Tests for allergens:

    Food allergens

    For the majority of the general public, the consumption of food is harmless. However, it may cause life threatening reactions in food allergic subjects and dramatically restrict the quality of life. Scientists estimate that approximately 2-3 % of adults and 6-8 % of children suffer from food allergies as well as the huge number of persons with food intolerance, their prevalence is difficult to estimate, due to missing studies. In contrast to food intolerance, real food allergies are highly dangerous for patients, because they are caused by errant immune reactions. These reactions are usually triggered by proteins; allergic subjects are already sensitized to these proteins.

    Allergen labeling

    The labeling of these allergenic proteins, called allergens, is of great importance for allergic subjects. In this context, hidden allergens are dangerous due to their appearance, for example in convenience food or as unintended contaminations of food during storage and production.

    To protect allergic subjects from undesired consumption of allergens, the food labeling regulation of the EU was passed. This EU-regulation is continuously updated and revised (EU-regulation 1169/2011, became effective in December 2014). Since November 2005 food producers are committed to label ingredients, which can cause allergies or intolerance. This includes following substances and food produced from them:

    • gluten containing cereals
    • crustacean
    • eggs
    • fish
    • soy-beans
    • milk
    • nuts like peanuts, almonds or hazelnuts
    • celery
    • mustard and sesame seeds.

    Furthermore, sulfur dioxide and sulfites in a concentration more than 10 milligram per kilogram. Additional, lupine, as well as snails, oysters and mussels were added to the list. Also other countries worldwide have labeling regulations, adapted to country-specific allergens.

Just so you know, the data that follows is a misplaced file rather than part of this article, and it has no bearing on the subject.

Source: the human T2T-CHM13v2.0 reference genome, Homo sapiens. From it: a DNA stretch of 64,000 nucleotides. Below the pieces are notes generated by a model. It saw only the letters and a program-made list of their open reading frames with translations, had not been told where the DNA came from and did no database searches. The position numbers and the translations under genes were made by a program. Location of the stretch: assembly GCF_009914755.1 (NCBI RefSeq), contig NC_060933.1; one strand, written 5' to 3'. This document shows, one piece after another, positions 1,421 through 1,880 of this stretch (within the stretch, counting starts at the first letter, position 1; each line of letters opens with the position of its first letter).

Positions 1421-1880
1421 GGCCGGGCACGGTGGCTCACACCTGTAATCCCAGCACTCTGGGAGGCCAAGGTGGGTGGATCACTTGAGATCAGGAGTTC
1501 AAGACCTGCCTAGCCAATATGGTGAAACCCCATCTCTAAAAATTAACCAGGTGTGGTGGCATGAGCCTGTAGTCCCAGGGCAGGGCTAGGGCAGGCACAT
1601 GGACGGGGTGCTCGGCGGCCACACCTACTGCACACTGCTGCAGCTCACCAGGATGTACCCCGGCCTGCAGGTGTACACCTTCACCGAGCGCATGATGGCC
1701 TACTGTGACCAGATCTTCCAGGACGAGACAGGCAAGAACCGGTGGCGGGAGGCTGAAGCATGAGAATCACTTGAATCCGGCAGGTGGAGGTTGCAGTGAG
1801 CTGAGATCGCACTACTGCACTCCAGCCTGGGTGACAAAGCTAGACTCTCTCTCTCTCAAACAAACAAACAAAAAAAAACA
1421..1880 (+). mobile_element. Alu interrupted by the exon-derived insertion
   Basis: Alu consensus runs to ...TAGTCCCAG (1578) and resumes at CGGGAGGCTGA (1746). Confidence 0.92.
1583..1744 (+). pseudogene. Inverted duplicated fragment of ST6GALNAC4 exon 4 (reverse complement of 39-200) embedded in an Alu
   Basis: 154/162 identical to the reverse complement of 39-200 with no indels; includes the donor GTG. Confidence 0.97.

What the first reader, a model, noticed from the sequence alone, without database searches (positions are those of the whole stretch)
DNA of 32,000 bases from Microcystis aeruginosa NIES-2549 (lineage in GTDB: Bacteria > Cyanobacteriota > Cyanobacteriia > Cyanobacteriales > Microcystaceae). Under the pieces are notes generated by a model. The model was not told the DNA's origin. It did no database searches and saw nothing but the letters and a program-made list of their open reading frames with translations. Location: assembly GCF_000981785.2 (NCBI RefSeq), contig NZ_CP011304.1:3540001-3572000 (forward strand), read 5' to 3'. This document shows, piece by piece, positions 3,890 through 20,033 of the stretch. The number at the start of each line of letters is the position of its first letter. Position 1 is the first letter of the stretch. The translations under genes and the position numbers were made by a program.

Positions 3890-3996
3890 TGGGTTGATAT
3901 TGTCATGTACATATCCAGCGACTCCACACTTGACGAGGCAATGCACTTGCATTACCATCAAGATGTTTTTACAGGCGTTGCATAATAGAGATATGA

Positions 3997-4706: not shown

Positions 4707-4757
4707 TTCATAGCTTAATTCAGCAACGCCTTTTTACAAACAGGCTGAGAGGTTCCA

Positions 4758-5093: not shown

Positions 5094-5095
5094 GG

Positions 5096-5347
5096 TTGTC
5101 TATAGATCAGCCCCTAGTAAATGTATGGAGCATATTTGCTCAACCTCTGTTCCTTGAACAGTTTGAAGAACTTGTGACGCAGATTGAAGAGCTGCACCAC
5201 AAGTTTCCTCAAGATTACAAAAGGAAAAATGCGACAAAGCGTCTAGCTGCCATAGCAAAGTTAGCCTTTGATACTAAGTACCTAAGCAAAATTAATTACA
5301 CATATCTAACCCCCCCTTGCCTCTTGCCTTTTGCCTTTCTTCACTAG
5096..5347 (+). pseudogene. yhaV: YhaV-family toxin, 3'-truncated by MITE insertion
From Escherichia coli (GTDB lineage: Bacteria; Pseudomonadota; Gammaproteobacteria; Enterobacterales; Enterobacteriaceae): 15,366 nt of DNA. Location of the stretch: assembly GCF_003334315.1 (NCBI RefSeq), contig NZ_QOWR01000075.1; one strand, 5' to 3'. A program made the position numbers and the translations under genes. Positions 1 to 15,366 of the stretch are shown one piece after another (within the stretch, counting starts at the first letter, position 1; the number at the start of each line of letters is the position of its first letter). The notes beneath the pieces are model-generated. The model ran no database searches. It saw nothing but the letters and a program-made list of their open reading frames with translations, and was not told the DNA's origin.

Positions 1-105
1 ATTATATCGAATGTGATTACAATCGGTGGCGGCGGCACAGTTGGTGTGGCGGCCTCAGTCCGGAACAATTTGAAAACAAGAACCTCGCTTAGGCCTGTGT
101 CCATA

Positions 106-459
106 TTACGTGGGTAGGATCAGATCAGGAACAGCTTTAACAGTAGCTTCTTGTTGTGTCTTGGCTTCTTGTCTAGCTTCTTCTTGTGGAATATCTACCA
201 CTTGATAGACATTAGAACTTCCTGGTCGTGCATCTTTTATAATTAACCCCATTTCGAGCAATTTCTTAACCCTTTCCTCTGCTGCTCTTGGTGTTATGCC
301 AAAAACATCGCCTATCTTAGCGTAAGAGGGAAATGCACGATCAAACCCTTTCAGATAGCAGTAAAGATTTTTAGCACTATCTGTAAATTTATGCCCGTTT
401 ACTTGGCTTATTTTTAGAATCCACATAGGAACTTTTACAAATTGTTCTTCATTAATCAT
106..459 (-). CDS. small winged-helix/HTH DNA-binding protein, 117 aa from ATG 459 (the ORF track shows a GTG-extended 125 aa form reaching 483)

In most production lines more than one product is produced, this may result in unintended contaminations with allergens. To protect consumers and to assure an adequate labeling, a reliable allergen analysis must be applied. Therefore, R-Biopharm provides immunochemical as well as molecular biological techniques.

    Allergen detection methods

    1. Surfaces and hygiene control with lateral flow test strips.

    Тhe requirements for allergen-free foods are clean and controlled production conditions. Swab tests of surfaces with bioavid or with RIDA®QUICK test strips enable a fast and reliable control of the production within food companies. With little laboratory equipment, results are available within 5-10 minutes.

    2. Food testing by immunochemical or molecular biology technique.

    ELISA and PCR are used to analyze food products. The ELISA determines the proteins directly while PCR detects the DNA. These two methods are complementary, and are also used for reciprocal confirmation for screenings and for positive results.